I've actually used that stuff as non-skid, held up very well. They make several different types of those panels, from a very aggressive diamond pattern to a smoother pebble finish than shown in the link.

On a recore, I layed several layers of cloth, then scuffed the bottom of the panel and cut it out to the shape I wanted the non-skid to be then bonded it with resin, I used thickened epoxy aroung the edge to make a smooth transition.

Need to recore a couple sections of the deck on my Ariel, debating that again, or another off-the-wall idea I have.

It IS fiberglass, so any way you would normally bond glass will work. It curves easily, but does NOT make compound curves.

Ken.
 

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If you do not want the high gloss finish - do a wet sand on the surface with a high grit and spray a matte or flat enamel finish over it. Or, spray the surface with a light covering of the "Frosted Glass" spray in a can. Either will take care of the high gloss without having to prime and paint them....
 

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At $55 a pop, it seems pretty pricey to me, and difficult to install. Plywood would be MUCH cheaper, even if you have to paint it, and will hold up (at least it has on our boat) for about 25 years. Another option, if it's just for headliner: why not use some sort of cloth, and staple or glue it. K.I.S.S.
 

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the panels at home depot are about 30 bucks by me, i wind up using them alot doing house renovations. i dont think they would be much use on a boat, as the surface texture makes them kind of hard to clean. i would not use them in an ice box, because of cleaning reasons. for the inside of cabinets they might be fine. for a head liner i dont think they would do to well, because as stated they wont do compound curves. i would think cedar tongue and grove planks would do better, just paint them once they are in, to brighten up the saloon some
 

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Frp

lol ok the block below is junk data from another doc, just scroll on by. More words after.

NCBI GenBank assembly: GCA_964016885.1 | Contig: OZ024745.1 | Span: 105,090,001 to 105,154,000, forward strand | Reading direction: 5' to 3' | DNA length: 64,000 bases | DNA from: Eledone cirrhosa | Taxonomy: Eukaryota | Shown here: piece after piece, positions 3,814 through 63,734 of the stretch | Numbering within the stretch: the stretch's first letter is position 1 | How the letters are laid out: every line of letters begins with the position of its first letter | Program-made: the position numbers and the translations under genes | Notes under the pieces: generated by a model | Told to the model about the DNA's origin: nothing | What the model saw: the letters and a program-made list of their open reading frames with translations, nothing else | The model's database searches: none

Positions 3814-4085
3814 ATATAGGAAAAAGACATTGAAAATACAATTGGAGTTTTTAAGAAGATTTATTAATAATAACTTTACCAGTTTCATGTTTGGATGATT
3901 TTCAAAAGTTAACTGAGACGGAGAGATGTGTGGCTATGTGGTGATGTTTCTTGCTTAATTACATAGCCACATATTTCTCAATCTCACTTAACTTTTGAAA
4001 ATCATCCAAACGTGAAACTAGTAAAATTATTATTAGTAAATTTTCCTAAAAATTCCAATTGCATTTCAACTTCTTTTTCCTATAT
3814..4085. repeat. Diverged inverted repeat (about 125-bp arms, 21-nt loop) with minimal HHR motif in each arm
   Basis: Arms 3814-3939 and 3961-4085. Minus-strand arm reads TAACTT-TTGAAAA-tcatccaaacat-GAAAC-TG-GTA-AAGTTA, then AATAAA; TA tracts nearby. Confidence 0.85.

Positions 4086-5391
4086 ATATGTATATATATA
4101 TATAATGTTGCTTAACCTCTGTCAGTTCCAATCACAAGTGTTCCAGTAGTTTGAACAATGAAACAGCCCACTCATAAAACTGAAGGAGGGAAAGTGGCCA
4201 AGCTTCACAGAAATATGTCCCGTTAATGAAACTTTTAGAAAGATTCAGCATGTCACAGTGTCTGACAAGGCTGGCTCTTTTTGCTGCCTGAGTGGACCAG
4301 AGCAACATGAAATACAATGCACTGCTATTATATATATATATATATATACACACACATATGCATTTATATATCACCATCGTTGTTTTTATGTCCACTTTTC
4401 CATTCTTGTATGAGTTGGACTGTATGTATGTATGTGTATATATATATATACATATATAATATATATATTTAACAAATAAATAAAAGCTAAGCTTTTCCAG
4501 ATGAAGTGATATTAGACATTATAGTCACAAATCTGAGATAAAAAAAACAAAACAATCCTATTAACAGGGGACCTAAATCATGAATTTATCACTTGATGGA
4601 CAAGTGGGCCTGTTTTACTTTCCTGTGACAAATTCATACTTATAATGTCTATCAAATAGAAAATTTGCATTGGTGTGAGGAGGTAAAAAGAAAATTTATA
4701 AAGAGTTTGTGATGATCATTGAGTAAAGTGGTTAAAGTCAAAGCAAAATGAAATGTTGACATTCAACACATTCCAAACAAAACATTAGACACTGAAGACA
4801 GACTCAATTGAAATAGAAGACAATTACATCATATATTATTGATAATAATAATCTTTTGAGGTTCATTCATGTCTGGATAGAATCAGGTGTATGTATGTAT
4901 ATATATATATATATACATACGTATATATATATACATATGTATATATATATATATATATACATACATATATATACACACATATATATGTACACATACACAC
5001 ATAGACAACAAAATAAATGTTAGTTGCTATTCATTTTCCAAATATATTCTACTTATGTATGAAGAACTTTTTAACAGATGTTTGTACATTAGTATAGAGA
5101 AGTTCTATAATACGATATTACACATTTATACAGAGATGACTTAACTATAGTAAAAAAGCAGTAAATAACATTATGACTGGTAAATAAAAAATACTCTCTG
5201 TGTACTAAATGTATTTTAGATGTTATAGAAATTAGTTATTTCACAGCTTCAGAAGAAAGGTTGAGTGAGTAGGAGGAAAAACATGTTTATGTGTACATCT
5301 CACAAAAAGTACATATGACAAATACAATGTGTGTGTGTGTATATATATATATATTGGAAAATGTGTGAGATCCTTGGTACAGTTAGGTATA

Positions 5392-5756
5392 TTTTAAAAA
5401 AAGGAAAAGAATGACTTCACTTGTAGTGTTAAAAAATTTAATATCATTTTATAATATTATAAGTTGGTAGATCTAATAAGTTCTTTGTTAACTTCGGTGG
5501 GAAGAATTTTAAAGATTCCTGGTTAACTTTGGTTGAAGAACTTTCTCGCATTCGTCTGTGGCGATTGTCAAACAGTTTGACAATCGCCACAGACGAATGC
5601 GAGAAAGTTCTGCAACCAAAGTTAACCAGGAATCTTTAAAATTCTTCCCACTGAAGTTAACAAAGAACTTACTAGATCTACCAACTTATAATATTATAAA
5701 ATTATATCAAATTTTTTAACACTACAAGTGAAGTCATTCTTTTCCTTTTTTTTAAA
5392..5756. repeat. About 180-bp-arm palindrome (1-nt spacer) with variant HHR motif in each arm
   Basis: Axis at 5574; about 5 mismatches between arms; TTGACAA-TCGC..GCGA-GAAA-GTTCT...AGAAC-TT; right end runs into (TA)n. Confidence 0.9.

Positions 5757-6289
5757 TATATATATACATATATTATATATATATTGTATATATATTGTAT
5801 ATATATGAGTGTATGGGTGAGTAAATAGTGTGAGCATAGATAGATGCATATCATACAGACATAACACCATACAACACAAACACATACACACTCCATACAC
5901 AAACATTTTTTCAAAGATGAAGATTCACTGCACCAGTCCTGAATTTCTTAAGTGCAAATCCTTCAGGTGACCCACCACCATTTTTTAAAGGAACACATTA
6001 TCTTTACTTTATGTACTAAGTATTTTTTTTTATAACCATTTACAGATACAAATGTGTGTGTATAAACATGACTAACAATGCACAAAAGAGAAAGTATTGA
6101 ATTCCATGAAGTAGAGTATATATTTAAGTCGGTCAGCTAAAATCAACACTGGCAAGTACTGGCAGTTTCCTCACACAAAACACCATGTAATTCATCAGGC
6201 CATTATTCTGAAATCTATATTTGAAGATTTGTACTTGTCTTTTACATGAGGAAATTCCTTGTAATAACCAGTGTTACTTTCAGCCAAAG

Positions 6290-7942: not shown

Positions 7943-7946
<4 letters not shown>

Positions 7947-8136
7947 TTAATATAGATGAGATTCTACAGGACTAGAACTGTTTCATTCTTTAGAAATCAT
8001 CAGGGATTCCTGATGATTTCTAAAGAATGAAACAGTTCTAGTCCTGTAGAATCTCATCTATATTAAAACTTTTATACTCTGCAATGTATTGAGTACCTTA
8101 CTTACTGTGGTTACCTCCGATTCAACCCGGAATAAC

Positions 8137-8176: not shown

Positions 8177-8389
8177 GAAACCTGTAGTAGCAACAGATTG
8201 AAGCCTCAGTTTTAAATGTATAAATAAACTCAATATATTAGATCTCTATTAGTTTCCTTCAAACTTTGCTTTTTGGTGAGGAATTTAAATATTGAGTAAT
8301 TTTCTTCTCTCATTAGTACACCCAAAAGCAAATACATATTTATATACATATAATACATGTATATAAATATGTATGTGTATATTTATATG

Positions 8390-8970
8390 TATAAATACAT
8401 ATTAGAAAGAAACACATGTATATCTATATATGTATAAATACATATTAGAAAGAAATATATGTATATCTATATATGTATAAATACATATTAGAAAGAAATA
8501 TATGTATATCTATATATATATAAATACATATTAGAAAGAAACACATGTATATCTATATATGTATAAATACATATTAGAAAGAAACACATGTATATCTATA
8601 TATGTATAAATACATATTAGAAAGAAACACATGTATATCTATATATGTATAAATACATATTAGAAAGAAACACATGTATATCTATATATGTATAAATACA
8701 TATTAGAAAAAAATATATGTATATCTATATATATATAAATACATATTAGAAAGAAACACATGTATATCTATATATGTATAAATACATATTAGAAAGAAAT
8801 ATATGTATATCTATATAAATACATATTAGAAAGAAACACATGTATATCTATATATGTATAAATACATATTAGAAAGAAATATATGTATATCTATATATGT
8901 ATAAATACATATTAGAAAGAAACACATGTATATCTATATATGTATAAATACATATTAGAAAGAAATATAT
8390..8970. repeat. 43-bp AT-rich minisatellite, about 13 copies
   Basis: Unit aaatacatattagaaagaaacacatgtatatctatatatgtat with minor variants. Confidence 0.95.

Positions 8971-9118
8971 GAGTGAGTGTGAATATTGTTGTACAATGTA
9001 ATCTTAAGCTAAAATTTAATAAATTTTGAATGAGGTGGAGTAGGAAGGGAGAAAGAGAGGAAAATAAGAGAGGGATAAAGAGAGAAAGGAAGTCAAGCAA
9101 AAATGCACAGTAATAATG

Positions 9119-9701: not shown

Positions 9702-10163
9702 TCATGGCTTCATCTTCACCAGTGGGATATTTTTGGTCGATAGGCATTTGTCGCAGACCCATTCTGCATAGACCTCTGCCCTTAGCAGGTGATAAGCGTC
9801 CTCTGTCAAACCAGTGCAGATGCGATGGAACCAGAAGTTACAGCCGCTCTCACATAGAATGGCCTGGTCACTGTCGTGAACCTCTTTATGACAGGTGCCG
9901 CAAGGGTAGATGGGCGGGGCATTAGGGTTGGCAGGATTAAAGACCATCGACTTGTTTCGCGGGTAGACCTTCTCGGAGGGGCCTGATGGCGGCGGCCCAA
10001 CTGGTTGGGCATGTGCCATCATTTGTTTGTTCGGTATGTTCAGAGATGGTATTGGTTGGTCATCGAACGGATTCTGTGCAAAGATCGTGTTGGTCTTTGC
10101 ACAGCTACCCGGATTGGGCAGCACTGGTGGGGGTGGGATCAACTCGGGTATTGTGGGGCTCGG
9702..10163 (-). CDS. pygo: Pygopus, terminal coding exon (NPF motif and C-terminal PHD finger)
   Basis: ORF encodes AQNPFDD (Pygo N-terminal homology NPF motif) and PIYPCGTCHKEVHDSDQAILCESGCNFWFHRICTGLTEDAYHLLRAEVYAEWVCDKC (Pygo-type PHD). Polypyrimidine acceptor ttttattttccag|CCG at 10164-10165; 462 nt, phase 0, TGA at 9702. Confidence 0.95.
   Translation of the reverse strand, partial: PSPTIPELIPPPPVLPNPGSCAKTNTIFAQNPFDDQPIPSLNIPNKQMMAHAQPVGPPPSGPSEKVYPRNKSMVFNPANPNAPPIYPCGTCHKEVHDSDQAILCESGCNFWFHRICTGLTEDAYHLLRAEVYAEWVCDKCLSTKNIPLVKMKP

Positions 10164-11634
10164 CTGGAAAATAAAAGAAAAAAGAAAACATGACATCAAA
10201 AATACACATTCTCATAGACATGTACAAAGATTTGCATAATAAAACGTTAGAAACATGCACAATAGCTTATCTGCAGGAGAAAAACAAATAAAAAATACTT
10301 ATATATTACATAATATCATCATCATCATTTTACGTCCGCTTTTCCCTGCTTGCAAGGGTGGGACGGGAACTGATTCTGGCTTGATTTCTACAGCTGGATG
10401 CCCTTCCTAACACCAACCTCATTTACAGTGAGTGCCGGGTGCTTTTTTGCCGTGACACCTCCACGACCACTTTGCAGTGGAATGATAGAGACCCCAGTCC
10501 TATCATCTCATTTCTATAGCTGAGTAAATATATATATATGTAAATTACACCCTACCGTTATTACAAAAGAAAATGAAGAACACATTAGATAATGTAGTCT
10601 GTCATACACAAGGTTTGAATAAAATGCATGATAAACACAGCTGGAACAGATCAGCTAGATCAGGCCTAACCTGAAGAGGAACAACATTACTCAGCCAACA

I built a commercial walk in cooler out of the stuff in 1995. in 2007 I sold the place and the cooler was still intact and in great shape. I used regular liquid nails in a tube to glue it to the OSB panels. I would use 4200 or life caulk if I was using it in a boat. The hardest part would be getting it to stay in place while the adhesive dries. they do make a plastic rivet to hold it down. but it makes cleaning it a little harder. Other than that, It cleans super easy with any soap and water and will last a long time. It would be great in the head/ shower combination. Clean-up would be a snap. Wipe and go.

Dave
 

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scottyt
I think we may be looking at differetn panels. The ones I saw at Lowes were a soft pebble on one side and smooth on the other. Not an agressive tread pattern.

No comments on using Formica? A slight off-white with a matte finish is going to be much more pleasing to the eye, unless you like living in an exam room.
 

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How much trouble to bend 3/8's teak T&G?
I agree on the battens. leaves a chase for wiring and insulation like reflectix.
I wouldn't mind SS screw and washers for access, replacement.
With battens and screws if you don't like it, change is easy to something else.

I think cork is attractive also, comes in colors and has a nice pattern.
Plus it floats :)

I can't believe that something NSF approved is hard to clean. By definition, it would be non-absorbent and easy to clean.